Where we use the $[q^{3k}]$ operator to evaluate the coefficient of $q^{3k}$ in the generating function.

Similarly the generating function for number of partitions into $4$ distinct parts with maximum part $9$ is:

$$q^{\binom{4}{2}}\binom{9}{4}_q.$$

The sum of it's $q^{3k}$ coefficients count distinct choices of $4$ digits from the set $\{1,2,\ldots,9\}$ that sum to multiples of $3$. We may also use this sum to count the number of choices of $5$ digits from the set $\{0,1,2,\ldots,9\}$ that must include $0$ and who's digit sum is divisible by 3.

For each such choice a $5$ digit number has $4\cdot 4!$ permutations: '$0$' can take positions $2$ to $5$ then the remaining $4$ digits take the $4$ remaining positions in $4!$ ways. The number of $5$ digit numbers, divisible by $3$, using choices from $\{0,1,2,\ldots,9\}$ that must contain '$0$' is:

$$4\cdot 4!\sum_{k}[q^{3k}]q^{10}\binom{9}{5}_q\tag{2}$$

So the required answer is given by:

$$5!\sum_{k}[q^{3k}]q^{15}\binom{9}{5}_q+4\cdot 4!\sum_{k}[q^{3k}]q^{10}\binom{9}{5}_q\tag{3}$$

Using a technique called the "roots of unity filter" we see that $(1)$ gives us:

$$\sum_{k}[q^{3k}]q^{15}\binom{9}{5}_q=\frac{1}{3}\left((1)^{15}\binom{9}{5}_1+(e^{2i\pi/3})^{15}\binom{9}{5}_{e^{2i\pi/3}}+(e^{4i\pi/3})^{15}\binom{9}{5}_{e^{4i\pi/3}}\right).$$

Here we are using the cube roots of unity.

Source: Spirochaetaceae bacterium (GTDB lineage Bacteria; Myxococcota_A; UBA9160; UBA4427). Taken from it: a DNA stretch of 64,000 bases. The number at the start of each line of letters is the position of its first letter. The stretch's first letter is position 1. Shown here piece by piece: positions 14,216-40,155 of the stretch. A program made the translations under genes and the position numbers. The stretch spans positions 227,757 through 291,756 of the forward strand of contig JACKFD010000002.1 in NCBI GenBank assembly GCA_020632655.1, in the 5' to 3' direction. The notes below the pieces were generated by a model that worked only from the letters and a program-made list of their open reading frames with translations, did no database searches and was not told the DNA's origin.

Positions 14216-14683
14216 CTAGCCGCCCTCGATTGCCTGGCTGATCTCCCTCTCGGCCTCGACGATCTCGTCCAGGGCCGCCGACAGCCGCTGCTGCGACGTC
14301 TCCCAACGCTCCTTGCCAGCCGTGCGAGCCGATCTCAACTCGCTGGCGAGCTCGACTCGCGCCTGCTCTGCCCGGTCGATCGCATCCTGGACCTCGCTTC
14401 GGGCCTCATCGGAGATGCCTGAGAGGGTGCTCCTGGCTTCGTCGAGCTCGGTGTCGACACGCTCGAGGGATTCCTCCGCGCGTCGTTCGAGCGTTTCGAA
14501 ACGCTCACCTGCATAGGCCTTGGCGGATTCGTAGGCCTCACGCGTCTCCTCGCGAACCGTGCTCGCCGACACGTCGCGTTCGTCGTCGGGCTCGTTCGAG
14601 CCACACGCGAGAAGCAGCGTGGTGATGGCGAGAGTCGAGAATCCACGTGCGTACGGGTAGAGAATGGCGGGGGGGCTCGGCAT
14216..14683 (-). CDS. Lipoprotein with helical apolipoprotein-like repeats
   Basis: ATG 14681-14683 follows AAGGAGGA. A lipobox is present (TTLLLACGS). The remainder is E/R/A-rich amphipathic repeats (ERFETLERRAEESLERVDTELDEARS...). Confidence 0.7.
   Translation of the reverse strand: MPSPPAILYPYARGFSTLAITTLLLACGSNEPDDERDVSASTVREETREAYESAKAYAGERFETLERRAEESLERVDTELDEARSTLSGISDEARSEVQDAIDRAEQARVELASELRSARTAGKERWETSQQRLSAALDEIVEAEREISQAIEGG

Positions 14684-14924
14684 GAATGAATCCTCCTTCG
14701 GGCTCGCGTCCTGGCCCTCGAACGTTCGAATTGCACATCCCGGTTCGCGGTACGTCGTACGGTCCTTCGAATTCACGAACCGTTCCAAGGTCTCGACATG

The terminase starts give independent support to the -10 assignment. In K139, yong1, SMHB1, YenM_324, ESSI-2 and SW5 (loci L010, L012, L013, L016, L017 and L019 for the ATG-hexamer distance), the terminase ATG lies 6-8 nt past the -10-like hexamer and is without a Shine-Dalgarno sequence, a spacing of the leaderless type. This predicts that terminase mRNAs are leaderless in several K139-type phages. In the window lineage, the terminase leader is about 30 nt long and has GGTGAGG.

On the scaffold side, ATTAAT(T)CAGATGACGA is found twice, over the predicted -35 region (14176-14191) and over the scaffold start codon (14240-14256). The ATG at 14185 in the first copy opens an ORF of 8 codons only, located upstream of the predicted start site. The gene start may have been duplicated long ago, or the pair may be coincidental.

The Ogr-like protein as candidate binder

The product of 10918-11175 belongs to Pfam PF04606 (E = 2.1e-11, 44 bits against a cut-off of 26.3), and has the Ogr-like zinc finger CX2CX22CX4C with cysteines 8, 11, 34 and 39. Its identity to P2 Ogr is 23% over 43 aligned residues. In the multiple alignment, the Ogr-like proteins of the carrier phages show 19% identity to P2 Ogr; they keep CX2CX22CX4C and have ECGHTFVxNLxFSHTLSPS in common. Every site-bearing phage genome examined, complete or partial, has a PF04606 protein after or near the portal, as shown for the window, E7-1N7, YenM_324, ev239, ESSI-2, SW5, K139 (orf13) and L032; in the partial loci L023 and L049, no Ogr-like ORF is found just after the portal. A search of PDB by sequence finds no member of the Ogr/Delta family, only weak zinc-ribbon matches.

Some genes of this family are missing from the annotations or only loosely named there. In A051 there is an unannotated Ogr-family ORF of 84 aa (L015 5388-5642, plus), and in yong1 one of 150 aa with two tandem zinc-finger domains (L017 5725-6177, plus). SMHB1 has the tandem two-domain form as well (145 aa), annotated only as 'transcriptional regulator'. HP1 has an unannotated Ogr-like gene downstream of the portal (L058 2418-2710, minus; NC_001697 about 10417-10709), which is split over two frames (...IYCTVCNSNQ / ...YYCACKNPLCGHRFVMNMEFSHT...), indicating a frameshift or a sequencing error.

The only non-zero term on the right is $\binom{9}{5}_1=\binom{9}{5}$ since $\binom{9}{5}_q$ has a factor $(1-q^9)$ which is $0$ for $q=e^{2i\pi/3}$ and $q=e^{4i\pi/3}$. Hence

$$\sum_{k}[q^{3k}]q^{15}\binom{9}{5}_q=\frac{1}{3}\binom{9}{5}\tag{4}$$

Similarly the roots of unity filter for $(2)$ gives:

$$\sum_{k}[q^{3k}]q^{10}\binom{9}{4}_q=\frac{1}{3}\left((1)^{10}\binom{9}{4}_1+(e^{2i\pi/3})^{10}\binom{9}{4}_{e^{2i\pi/3}}+(e^{4i\pi/3})^{10}\binom{9}{4}_{e^{4i\pi/3}}\right),$$

and the only non-zero term on the right is $\binom{9}{4}_1=\binom{9}{4}$, hence:

$$\sum_{k}[q^{3k}]q^{10}\binom{9}{4}_q=\frac{1}{3}\binom{9}{4}\tag{5}$$

Putting results $(4)$ and $(5)$ into $(3)$ yields our answer.

Note carefully that, should we allow strings beginning '$0$', then $(2)$ becomes instead:

$$5!\sum_{k}[q^{3k}]q^{10}\binom{9}{5}_q,$$

$$\frac{1}{3}\left(\binom{9}{5}5!+\binom{9}{4}5!\right)=\frac{2}{3}\binom{9}{5}5!=10\,080$$
There are in total $9*9*8*7*6$ 5 digit numbers with distinct digits. The probability that a number is divisible by 3 in all these cases is $\frac {1}{3}$
Hence the number of numbers with 5 distinct digits satisfying the given conditions is $$9*9*8*7*6* \frac {1}{3}=9072$$
• This is not a sound argument. The probability of $\frac{1}{3}$ applies to the full number line, and does not in general hold for finite sets of numbers, and I especially see no obvious reason why it should hold for a finite set of numbers as complex as 'no repeated digits'. For example $\frac{1}{100}$ numbers are divisible by $100$, but if you exclude repeated digits none are divisible by $100$.